Dealing with the “Empty Nest Blues”
June 21, 2019

By Dr. Matt Brown

When you read about parenting, you are most likely to encounter information targeting mothers. While that is changing rapidly, fathers are often left out of this important conversation. Why are fathers so important? Let’s take a look at some of the findings on the unique impact fathers have on their children.

A recent publication from the U.S. Department of Health and Human Services synthesized the research on the impact of fathers on their children and found that children of involved, caring and playful fathers report the following benefits:

  • Higher IQs, academic readiness, verbal skills, intellectual functioning, and academic achievement
  • Better able to handle stress
  • More emotionally secure and confident
  • Higher self-esteem
  • Lower rates of depression
  • Better social connections with peers
  • Lower rates of delinquency
  • Higher levels of self-control and pro-social behavior

It’s clear from this list of findings that fathers have a tremendous impact on their children! If you are a father like me, that list includes many of the qualities that I hope my children will possess.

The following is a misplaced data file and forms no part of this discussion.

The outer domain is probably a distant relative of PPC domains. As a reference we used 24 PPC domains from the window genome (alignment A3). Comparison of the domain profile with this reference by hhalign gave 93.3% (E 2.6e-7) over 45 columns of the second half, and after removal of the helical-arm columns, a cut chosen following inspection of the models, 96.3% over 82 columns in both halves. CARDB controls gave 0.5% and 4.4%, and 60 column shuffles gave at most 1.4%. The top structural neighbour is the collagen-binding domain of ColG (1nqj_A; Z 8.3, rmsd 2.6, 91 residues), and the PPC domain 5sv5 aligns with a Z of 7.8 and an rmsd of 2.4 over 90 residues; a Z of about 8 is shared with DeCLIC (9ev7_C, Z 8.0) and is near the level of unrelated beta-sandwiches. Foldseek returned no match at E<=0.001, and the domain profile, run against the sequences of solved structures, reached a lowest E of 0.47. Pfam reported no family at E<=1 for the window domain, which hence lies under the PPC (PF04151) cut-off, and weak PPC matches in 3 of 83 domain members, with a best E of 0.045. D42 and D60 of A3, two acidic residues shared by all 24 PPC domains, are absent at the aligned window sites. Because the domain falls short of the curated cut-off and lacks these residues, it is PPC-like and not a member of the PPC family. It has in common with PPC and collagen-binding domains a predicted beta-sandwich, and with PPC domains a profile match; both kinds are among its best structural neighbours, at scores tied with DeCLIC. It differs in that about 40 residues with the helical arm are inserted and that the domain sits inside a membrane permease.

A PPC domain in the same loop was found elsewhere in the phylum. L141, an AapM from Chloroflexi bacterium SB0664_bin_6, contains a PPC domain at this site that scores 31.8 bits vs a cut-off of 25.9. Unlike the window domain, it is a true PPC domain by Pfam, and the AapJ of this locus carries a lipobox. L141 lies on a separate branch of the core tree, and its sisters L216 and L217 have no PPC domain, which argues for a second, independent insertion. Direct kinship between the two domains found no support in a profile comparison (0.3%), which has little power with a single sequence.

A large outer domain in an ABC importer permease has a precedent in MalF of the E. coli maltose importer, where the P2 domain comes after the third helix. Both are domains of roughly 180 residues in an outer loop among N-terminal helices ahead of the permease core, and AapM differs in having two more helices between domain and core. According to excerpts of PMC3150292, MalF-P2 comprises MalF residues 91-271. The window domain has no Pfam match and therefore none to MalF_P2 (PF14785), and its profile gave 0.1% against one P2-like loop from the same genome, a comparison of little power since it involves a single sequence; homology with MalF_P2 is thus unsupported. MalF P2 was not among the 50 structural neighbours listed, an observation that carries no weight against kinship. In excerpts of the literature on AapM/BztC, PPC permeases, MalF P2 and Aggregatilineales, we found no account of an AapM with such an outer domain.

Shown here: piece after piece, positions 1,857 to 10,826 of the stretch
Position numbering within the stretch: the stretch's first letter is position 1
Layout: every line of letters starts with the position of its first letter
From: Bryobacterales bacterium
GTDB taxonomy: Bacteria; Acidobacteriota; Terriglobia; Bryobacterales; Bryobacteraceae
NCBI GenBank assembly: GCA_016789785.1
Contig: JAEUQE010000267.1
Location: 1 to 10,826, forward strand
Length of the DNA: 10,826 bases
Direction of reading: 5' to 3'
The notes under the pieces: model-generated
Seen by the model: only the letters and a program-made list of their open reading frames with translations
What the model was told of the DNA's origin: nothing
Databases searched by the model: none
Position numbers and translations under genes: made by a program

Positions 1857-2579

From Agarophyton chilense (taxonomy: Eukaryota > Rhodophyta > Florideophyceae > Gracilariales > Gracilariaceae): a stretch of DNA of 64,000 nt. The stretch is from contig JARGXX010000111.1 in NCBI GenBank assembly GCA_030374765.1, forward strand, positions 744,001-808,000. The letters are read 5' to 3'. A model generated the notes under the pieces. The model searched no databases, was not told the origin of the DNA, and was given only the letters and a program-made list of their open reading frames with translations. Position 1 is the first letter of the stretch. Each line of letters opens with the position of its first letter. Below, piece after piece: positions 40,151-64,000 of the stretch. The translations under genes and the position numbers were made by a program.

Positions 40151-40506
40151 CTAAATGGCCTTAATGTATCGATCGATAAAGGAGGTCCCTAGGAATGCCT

Yet, many of us fathers are in a unique predicament nowadays. We experience a social push to be more involved and have a strong desire to be there for our kids, but many of us don’t have a blueprint for how to do that because our fathers didn’t model this for us. So, how do we become these involved, caring and playful fathers? Here are some practical and research-supported ways to be the father your kids need you to be:

  • Have a positive relationship with your wife/mother of your children
  • Spend one-on-one time with your kids
  • Listen to their concerns and nurture them
  • Discipline them appropriately
  • Be their guide to the outside world
  • Protect them and provide for their basic needs
  • Be a positive role model

Now that we have discussed the impact of fathers on children, let’s talk about the impact of children on fathers. This is an often-overlooked, but crucially important part of the father-child relationship. 

Fathers, we need our kids. Many of us experience rejection after rejection throughout our day and many of us have learned to set emotions aside and power through. This is an essential skill as we operate in the world; however, we need experiences that allow us to feel and connect with others in deep, meaningful ways. Our kids are often eager to give us this gift. Think of the last time you came home or went to pick up your kids and heard an excited, “Daddy!” followed by an open and genuine hug. Kids have an incredible capacity to love, forgive and choose to be happy. We need to spend more time with our kids for their sake, but perhaps more importantly, for ours.

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